Hope and negotiating life after a residential post-secondary program : perspectives of blind adults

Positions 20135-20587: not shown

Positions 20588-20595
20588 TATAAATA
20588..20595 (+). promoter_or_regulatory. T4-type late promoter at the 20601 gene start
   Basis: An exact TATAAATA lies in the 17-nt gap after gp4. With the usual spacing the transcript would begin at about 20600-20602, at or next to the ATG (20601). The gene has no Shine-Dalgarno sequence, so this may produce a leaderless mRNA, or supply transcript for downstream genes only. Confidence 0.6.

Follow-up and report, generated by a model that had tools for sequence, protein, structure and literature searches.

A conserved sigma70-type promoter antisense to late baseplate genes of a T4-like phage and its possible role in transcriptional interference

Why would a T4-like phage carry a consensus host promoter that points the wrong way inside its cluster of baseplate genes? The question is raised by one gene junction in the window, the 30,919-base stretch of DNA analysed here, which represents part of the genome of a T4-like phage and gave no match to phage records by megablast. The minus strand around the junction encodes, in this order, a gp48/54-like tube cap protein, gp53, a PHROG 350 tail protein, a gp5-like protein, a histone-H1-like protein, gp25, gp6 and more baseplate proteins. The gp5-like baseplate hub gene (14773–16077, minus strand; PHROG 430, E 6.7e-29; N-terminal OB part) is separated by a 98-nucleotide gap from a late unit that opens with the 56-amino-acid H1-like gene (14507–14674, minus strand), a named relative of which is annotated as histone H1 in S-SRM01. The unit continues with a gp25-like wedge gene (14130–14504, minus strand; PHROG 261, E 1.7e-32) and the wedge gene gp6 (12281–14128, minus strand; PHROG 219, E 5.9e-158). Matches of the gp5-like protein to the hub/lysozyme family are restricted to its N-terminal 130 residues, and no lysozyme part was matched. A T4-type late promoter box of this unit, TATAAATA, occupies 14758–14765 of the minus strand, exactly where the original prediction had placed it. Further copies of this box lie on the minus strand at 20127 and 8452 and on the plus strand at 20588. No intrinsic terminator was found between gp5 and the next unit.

This study investigates the individual outcomes of blind adults after completing residential post-secondary training. Their reflections on life before during and after the program provide understanding into complex personal issues. The narrative data revealed program factors that had an influence on individual outcomes. This study uses Snyder's hope theory as a conceptual framework to aid in the understanding and interpretation of these individual outcomes. Hope has been found to have significant positive impact on rehabilitation issues; it is a mediating factor in the adjustment to blindness (Snyder, Lehman, Kluck & Monsson, 2006). This study extends the work of Jackson, Taylor, Palmatier, Elliott & Elliott (1998) who investigated the relation of hope to visual impairment. Therefore, the purpose of this study was two-fold. First, the investigation seeks knowledge about how blind adults negotiated life after completing a residential post-secondary program. The second purpose was describing and understanding the role of hope in this negotiation of life. This systematic inquiry relies on a qualitative design in which case study methods are incorporated. Interviews and follow-up interviews were conducted with 7 participants over a period of 18 months. Recurring themes and sub-themes were identified through use of the constant comparative method of coding. Further reduction across the cases highlighted thematic concepts through the use of multi-case displays. The findings resulted in 4 main themes with 2 sub-themes each. Major themes include how participants establish housing and post-secondary activities such as work or training after the program, how they respond to expectations, whether or not they continue using the skills learned during their residential training and what they have done to establish goals and vocational pursuits. There is evidence of differences among the individual outcomes though each participant experienced equivalent training. Results highlight the influences on motivation such as family, blind mentors, vocational development and reliance on alternative techniques. Results indicate there are differences among participants regarding the hope construct specifically in pathway and agency thinking. Individual and programmatic recommendations and implications for future research are addressed; strategies for incorporating the emerging issues of this study into early education of blind children are presented.